Much discussion has raged, also, over the meaning of the word “Nicéan.”(28) I prefer the explanation given to me thirty years ago by my colleague, John C. Rolfe, who identified the adjective with Nicaea, a city founded by Alexander the Great on the banks of the Hydaspes, or Jelum River in India, where a fleet was built to convey a portion of the army through the Red Sea homeward. I see, however, no great light shed upon the poem by any of these interpretations of “Nicaea.” For true to Poe’s conception of poetry, the effect of “To Helen” is pure pleasure in the exquisite harmony of the phrases, creating that unity in variety which makes for great art. The poem is through its meaning a unit, the recording of a soul reawakened to eternal beauty. Through its rhythmical form, it has variety of an unusual quality. Not only do the lines vary in number and intensities of stress, but the stanzas, each of five verses, vary in their rime schemes. If Poe had obeyed a metrical rule, introduced in Middle English from Romance sources, which required each stanza to conform to the succession of rimes established by the first, the immortal phrases of the second stanza could not have been written. In other words, Poe proved that this uniformity is not a law but only a rule which may be broken by a poet to whom the meaning always governs the expression. That this poet was master of the resources of expression makes this deliberate violation of an exotic rule more striking. That it is not a law, can easily be proved by asking anyone who reads the poem intelligently whether he has noticed the differences among the rime schemes of the three stanzas. The reply will always be in the negative.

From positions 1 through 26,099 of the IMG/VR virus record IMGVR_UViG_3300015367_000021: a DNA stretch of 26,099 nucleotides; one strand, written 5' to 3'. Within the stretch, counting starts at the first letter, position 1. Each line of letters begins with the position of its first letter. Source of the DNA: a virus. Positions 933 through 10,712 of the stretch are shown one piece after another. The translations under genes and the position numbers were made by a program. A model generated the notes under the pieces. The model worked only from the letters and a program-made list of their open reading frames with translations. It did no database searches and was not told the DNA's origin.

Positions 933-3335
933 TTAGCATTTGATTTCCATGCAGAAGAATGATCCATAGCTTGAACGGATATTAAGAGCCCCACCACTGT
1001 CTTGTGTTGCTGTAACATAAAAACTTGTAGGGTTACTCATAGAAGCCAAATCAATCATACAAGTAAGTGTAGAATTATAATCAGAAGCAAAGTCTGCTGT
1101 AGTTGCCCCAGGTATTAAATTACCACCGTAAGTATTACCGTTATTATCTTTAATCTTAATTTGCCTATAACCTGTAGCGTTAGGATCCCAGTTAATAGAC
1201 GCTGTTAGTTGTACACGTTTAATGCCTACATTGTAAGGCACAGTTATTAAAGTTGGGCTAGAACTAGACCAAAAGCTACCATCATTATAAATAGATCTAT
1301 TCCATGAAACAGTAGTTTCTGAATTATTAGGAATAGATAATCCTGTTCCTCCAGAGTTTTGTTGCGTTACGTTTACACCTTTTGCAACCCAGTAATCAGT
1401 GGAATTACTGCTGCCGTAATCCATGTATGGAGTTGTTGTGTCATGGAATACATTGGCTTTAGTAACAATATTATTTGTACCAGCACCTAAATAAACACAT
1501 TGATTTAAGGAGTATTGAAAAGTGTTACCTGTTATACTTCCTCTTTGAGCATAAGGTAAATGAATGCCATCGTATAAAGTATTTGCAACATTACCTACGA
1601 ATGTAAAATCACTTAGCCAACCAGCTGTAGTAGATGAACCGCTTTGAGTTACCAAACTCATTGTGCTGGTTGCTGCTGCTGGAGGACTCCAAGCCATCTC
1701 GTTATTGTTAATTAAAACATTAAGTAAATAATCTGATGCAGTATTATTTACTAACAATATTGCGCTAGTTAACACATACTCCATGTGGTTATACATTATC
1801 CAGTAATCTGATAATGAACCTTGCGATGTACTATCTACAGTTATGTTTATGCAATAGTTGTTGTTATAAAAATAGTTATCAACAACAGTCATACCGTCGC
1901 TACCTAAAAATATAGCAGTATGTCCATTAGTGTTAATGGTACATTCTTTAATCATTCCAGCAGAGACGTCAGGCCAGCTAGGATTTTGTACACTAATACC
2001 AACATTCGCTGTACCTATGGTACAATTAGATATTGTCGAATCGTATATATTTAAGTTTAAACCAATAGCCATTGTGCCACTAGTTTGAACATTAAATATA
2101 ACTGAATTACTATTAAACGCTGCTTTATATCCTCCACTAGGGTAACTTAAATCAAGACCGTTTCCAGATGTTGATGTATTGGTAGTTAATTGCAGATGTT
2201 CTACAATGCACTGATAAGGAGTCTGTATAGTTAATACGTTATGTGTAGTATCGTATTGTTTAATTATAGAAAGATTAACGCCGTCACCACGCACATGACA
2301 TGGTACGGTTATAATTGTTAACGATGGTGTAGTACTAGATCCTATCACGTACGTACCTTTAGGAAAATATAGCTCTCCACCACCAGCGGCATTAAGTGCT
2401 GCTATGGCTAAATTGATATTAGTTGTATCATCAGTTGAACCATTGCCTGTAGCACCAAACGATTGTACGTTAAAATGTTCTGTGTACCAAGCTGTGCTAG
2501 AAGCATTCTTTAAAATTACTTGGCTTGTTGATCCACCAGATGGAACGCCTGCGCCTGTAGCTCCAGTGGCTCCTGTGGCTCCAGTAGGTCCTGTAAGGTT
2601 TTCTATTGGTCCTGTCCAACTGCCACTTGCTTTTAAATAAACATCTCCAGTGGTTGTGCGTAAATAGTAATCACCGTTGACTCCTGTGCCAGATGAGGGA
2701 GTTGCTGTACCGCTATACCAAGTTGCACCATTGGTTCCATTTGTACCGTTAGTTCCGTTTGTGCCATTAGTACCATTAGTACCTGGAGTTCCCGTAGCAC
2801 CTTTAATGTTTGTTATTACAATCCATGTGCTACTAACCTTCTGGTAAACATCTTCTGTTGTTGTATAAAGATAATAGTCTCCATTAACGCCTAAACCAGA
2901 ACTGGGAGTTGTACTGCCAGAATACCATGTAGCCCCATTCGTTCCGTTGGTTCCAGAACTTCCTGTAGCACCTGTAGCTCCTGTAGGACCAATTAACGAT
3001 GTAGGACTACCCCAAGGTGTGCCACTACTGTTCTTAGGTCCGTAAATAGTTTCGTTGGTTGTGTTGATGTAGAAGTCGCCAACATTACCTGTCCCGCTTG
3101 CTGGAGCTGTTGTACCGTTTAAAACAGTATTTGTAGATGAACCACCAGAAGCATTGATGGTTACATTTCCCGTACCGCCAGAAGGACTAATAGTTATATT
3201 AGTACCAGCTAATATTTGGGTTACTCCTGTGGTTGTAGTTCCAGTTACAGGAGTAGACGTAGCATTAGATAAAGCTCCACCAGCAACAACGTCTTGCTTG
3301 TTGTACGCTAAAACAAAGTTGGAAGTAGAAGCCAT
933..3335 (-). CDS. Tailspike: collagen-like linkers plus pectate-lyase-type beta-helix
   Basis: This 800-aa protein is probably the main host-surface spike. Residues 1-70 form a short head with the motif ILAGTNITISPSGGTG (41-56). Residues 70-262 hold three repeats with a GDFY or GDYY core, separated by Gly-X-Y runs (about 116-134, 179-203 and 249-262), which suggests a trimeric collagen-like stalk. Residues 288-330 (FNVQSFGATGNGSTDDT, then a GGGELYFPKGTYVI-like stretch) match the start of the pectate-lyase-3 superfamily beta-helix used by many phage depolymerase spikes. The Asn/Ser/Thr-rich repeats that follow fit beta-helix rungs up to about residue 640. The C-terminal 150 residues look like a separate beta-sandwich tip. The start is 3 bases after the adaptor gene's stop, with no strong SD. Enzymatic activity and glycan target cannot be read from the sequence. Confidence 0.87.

Next came “Israfel,” not so perfect in form but of singular interest in its revelation of Poe’s own nature and his theory of poetry. The title is explained in the 1831 form by a footnote: “And the angel Israfel, who has the sweetest voice of all God’s creatures — Koran.” [page 180:] Poe may have derived this information from George Sale’s Preliminary Discourse on the Koran, (29) where Israfel is also identified as the angel whose office it will be to sound the trumpet at the resurrection.(30)